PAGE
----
So there I was, standing in my best suit, alone in the building, looking at my new surroundings.  In my previous job, I had worked in a nice, air-conditioned office with lots of windows, lots of desks and lots of people. Now I was standing alone in a small, dimly-lit room which contained an old desk, a wonky orange plastic chair, a filing cabinet with a drawer missing, and a telephone.  The tiny window had bars on it, and overlooked a car park. That was it. No computer, no nothing.  As I stood there looking around, I thought “What an earth have I done?”  This shabby room with its worn, second-hand carpet and broken furniture was not at all what I had imagined an MPs office to be like.

I think that this is something that surprises many people.  Most MPs are not rich and do not have expensive and plush constituency offices.  The office cost budget is always stretched, and MPs are keen to get the best deals possible on rent, which might mean sacrificing some of the luxuries you might find in city centre offices.  Some MPs are lucky enough to inherit furniture from their predecessors, whilst others might buy second-hand furniture.  Fortunately, nowadays, there is a ‘startup supplement’ to help to set up a new office for a new MP, which should cover all of the basic necessities.

It’s often tough, not necessarily well paid, the hours can be long, and quite often you may not enjoy overly salubrious surroundings.  However, working for an MP is undoubtedly a very privileged position.  You will meet some fantastic people in your role.  No two working days are ever the same.  You are the first port of call working in the Constituency Office – often for constituents who, at times, will present seemingly intractable problems – you will often be the de facto MP!

Enjoy your work and I hope that this simple guide assists you in your first few weeks.

Meet Your Team

Most MPs, but not all, have both a constituency office and a Westminster office, and the work carried out in the two offices can be very different.  If your Member has a Westminster office, find out exactly what work they undertake, what hours they work (they might work later in the day in order to be there when the House is sitting), the preferred method of contact, e.g. telephone, email, Teams, WhatsApp.  You may find, for example, that the Westminster office manages the MP’s Diary, organises House of Commons Tours, deals with policy issues, and helps with speech writing.  In the Constituency office you may be casework-focused, organise surgeries, liaise with the respective political party organisation and local stakeholders (i.e. local authorities, schools, citizens advice bureau, charities, pressure groups, etc).  When possible, try to organise a visit to the Westminster office and have a good look at all the places you are supposed to know about.  Offer to buy lunch for your Westminster colleague….well OK…a cuppa – in return for a tour of all those places you’ve heard about and it would be helpful to have actually seen.  Book yourself onto an official guided tour.  In the meantime, you can undertake an online tour of the building by looking at the Virtual Tours page:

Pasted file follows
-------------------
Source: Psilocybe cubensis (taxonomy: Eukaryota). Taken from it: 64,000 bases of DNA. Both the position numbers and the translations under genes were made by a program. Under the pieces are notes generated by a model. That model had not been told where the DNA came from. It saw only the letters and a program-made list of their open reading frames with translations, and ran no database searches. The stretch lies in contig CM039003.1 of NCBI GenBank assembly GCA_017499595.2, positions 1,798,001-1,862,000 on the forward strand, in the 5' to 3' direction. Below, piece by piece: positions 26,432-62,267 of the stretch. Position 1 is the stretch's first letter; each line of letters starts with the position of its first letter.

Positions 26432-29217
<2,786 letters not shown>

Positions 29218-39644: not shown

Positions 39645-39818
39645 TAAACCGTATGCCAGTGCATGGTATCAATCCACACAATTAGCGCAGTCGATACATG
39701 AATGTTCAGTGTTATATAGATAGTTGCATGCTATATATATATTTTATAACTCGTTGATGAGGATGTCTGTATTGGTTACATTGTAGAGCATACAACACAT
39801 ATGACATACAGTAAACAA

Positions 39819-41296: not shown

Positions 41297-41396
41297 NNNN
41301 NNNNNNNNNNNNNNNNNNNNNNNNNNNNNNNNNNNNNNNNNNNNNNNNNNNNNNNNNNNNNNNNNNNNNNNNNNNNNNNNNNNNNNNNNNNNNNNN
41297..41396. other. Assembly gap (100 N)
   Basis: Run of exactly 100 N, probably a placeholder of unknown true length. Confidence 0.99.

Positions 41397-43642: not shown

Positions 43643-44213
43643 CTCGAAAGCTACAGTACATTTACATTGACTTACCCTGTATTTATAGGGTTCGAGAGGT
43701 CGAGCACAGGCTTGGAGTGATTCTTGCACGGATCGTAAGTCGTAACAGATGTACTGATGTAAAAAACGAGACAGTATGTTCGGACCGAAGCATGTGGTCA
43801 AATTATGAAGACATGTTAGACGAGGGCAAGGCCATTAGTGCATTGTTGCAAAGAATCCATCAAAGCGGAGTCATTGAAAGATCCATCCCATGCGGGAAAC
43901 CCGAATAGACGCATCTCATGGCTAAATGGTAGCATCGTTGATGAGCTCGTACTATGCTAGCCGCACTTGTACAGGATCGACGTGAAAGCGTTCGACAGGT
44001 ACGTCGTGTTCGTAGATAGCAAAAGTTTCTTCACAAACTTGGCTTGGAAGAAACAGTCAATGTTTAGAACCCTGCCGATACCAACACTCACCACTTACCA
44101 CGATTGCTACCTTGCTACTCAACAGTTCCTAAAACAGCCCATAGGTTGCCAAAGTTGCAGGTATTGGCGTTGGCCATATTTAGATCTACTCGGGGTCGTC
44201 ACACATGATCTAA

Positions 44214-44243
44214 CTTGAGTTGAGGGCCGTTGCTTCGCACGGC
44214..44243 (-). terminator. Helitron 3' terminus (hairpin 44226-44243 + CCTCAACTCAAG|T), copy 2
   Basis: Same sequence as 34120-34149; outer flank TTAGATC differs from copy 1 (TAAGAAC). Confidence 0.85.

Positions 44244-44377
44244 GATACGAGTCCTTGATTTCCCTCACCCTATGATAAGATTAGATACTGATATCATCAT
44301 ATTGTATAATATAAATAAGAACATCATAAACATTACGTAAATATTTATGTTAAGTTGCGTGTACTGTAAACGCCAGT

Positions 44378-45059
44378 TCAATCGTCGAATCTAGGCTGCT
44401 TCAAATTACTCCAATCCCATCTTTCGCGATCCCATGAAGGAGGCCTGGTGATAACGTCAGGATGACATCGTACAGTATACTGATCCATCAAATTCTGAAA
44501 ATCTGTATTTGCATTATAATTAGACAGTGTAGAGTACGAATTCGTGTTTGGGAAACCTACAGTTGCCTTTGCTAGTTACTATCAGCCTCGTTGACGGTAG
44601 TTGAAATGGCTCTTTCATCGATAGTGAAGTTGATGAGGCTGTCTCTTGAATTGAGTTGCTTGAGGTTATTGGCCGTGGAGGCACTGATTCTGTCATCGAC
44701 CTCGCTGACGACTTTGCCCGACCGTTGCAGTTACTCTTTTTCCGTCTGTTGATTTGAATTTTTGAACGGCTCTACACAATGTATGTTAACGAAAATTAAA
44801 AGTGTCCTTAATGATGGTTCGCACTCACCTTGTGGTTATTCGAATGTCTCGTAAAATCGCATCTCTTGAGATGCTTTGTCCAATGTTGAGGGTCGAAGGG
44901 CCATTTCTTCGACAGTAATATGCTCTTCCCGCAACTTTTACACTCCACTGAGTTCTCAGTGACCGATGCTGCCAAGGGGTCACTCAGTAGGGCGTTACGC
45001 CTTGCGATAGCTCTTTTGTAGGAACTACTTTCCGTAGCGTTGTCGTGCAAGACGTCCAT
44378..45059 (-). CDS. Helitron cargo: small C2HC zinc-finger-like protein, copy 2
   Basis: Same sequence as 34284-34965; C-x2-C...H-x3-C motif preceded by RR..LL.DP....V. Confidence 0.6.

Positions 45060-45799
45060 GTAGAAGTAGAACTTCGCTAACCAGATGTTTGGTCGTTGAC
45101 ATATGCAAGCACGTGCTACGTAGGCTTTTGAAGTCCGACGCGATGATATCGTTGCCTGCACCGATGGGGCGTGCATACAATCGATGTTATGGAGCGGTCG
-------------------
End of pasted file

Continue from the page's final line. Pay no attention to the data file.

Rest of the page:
Security Clearance

Your MP or office manager should have sorted out your security clearance before your start date.  If this hasn’t been done, then this is your most important and urgent task.  Without it, you will not be able to access any of the Parliamentary computers or the Parliamentary network, which will seriously hamper your ability to work – almost everything is done online.  Depending on the workload of the Pass Office, clearance can take anything from a couple of weeks, to a couple of months – obviously, they will be much busier just after a General Election.  When your security clearance has been granted, the Pass Office will email your security number to your MP.  Please treat this number as you would your PIN for your credit card – keep it somewhere secure where only you can access it.  Renewing your security clearance is your own responsibility, so please make a note of the expiry date and ensure that you renew it a couple of weeks before it expires.  You can find the relevant forms on the intranet.  Contact the Pass Office on if you have any queries.

If you are working in Westminster your security clearance must be granted before you begin work on the Parliamentary Estate.  It is not permitted for staff to use a visitor pass.  You can read more about security clearance here:

Parliamentary Network Account

As soon as your security clearance has been granted, your office manager or MP should apply for an account on the Parliamentary Network for you.  If this hasn’t been done, please ask them to do it as soon as possible; they will need your security clearance number, and they will need to tell Parliamentary Digital Services whether you are to have access to the members mailbox and/or a shared office mailbox if they have one.  It usually takes around 24 hours for your access to be set up.

The first time you log into a computer, you will be asked to change your password, and then you will have to wait a few minutes for the computer to set up your profile.  This is a good time to go and make a cup of tea.

Contract of Employment

Your MP should have drawn up a contract of employment, which should be signed by both the MP and you.  This contract must be sent to the Independent Parliamentary Standards Authority (IPSA), along with a New Starter Form as soon as possible – you won’t get paid if IPSA doesn’t have these forms.  See the IPSA website for further information:

Your working hours